Pub Type(s)

Comparative Study
Journal Article
Research Support, N.I.H., Extramural
Research Support, Non-U.S. Gov't

Language

eng

PubMed ID

32303590

Citation

Rockx, Barry, et al. "Comparative Pathogenesis of COVID-19, MERS, and SARS in a Nonhuman Primate Model." Science (New York, N.Y.), vol. 368, no. 6494, 2020, pp. 1012-1015.
Rockx B, Kuiken T, Herfst S, et al. Comparative pathogenesis of COVID-19, MERS, and SARS in a nonhuman primate model. Science. 2020;368(6494):1012-1015.
Rockx, B., Kuiken, T., Herfst, S., Bestebroer, T., Lamers, M. M., Oude Munnink, B. B., de Meulder, D., van Amerongen, G., van den Brand, J., Okba, N. M. A., Schipper, D., van Run, P., Leijten, L., Sikkema, R., Verschoor, E., Verstrepen, B., Bogers, W., Langermans, J., Drosten, C., ... Haagmans, B. L. (2020). Comparative pathogenesis of COVID-19, MERS, and SARS in a nonhuman primate model. Science (New York, N.Y.), 368(6494), 1012-1015. https://doi.org/10.1126/science.abb7314
Rockx B, et al. Comparative Pathogenesis of COVID-19, MERS, and SARS in a Nonhuman Primate Model. Science. 2020 05 29;368(6494):1012-1015. PubMed PMID: 32303590.
* Article titles in AMA citation format should be in sentence-case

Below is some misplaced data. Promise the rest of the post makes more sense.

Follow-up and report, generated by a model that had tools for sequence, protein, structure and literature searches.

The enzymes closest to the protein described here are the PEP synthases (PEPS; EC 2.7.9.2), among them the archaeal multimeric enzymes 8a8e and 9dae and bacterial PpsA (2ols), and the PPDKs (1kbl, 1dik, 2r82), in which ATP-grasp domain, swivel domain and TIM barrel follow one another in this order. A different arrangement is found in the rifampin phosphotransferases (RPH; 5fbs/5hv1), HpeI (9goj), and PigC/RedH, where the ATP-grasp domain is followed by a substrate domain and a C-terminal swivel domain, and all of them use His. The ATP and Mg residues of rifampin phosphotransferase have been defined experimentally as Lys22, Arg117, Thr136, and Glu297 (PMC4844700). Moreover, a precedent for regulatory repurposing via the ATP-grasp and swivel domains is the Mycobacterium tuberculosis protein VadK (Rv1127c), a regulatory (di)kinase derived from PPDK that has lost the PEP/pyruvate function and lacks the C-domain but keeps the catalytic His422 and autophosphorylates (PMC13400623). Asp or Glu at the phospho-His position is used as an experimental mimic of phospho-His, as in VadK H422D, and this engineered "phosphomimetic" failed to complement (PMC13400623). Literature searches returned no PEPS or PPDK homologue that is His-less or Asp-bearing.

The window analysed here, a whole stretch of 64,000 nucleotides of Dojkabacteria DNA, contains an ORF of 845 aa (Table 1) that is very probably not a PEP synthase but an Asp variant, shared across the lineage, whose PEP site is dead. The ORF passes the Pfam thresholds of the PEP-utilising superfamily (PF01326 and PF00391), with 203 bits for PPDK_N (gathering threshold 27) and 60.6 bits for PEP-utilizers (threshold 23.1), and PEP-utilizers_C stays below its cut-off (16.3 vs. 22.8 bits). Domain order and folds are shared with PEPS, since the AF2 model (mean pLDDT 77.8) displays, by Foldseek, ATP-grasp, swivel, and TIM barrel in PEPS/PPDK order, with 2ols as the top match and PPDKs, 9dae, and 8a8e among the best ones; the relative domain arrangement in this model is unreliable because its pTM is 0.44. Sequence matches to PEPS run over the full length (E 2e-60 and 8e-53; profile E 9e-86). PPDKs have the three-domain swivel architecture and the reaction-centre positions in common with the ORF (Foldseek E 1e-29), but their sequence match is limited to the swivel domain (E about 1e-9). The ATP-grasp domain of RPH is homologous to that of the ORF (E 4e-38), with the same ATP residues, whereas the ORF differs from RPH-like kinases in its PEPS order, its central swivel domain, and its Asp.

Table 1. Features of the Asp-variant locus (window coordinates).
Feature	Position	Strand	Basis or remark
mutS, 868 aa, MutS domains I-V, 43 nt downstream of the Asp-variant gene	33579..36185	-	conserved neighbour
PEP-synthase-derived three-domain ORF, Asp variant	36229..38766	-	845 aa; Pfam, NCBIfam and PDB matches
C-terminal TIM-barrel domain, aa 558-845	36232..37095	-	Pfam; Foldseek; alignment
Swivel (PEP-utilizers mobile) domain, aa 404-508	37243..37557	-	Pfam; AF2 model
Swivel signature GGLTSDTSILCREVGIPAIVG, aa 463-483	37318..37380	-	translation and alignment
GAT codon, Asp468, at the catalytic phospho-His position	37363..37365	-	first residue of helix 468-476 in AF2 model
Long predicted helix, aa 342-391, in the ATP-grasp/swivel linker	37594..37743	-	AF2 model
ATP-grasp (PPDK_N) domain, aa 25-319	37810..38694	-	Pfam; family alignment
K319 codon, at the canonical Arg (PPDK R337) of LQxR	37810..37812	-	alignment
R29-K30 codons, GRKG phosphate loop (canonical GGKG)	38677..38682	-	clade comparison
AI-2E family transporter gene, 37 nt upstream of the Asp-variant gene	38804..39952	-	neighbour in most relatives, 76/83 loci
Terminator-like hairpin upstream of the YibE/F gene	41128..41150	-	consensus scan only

TY - JOUR T1 - Comparative pathogenesis of COVID-19, MERS, and SARS in a nonhuman primate model. AU - Rockx,Barry, AU - Kuiken,Thijs, AU - Herfst,Sander, AU - Bestebroer,Theo, AU - Lamers,Mart M, AU - Oude Munnink,Bas B, AU - de Meulder,Dennis, AU - van Amerongen,Geert, AU - van den Brand,Judith, AU - Okba,Nisreen M A, AU - Schipper,Debby, AU - van Run,Peter, AU - Leijten,Lonneke, AU - Sikkema,Reina, AU - Verschoor,Ernst, AU - Verstrepen,Babs, AU - Bogers,Willy, AU - Langermans,Jan, AU - Drosten,Christian, AU - Fentener van Vlissingen,Martje, AU - Fouchier,Ron, AU - de Swart,Rik, AU - Koopmans,Marion, AU - Haagmans,Bart L, Y1 - 2020/04/17/ PY - 2020/03/15/received PY - 2020/04/15/accepted PY - 2020/4/19/pubmed PY - 2020/6/3/medline PY - 2020/4/19/entrez SP - 1012 EP - 1015 JF - Science (New York, N.Y.) JO - Science VL - 368 IS - 6494 N2 - The current pandemic coronavirus, severe acute respiratory syndrome-coronavirus 2 (SARS-CoV-2), was recently identified in patients with an acute respiratory syndrome, coronavirus disease 2019 (COVID-19). To compare its pathogenesis with that of previously emerging coronaviruses, we inoculated cynomolgus macaques with SARS-CoV-2 or Middle East respiratory syndrome (MERS)-CoV and compared the pathology and virology with historical reports of SARS-CoV infections. In SARS-CoV-2-infected macaques, virus was excreted from nose and throat in the absence of clinical signs and detected in type I and II pneumocytes in foci of diffuse alveolar damage and in ciliated epithelial cells of nasal, bronchial, and bronchiolar mucosae. In SARS-CoV infection, lung lesions were typically more severe, whereas they were milder in MERS-CoV infection, where virus was detected mainly in type II pneumocytes. These data show that SARS-CoV-2 causes COVID-19-like disease in macaques and provides a new model to test preventive and therapeutic strategies. SN - 1095-9203 UR - https://www.unboundmedicine.com/medline/citation/32303590/Comparative_pathogenesis_of_COVID_19_MERS_and_SARS_in_a_nonhuman_primate_model_ L2 - https://www.sciencemag.org/cgi/pmidlookup?view=long&pmid=32303590 DB - PRIME DP - Unbound Medicine ER -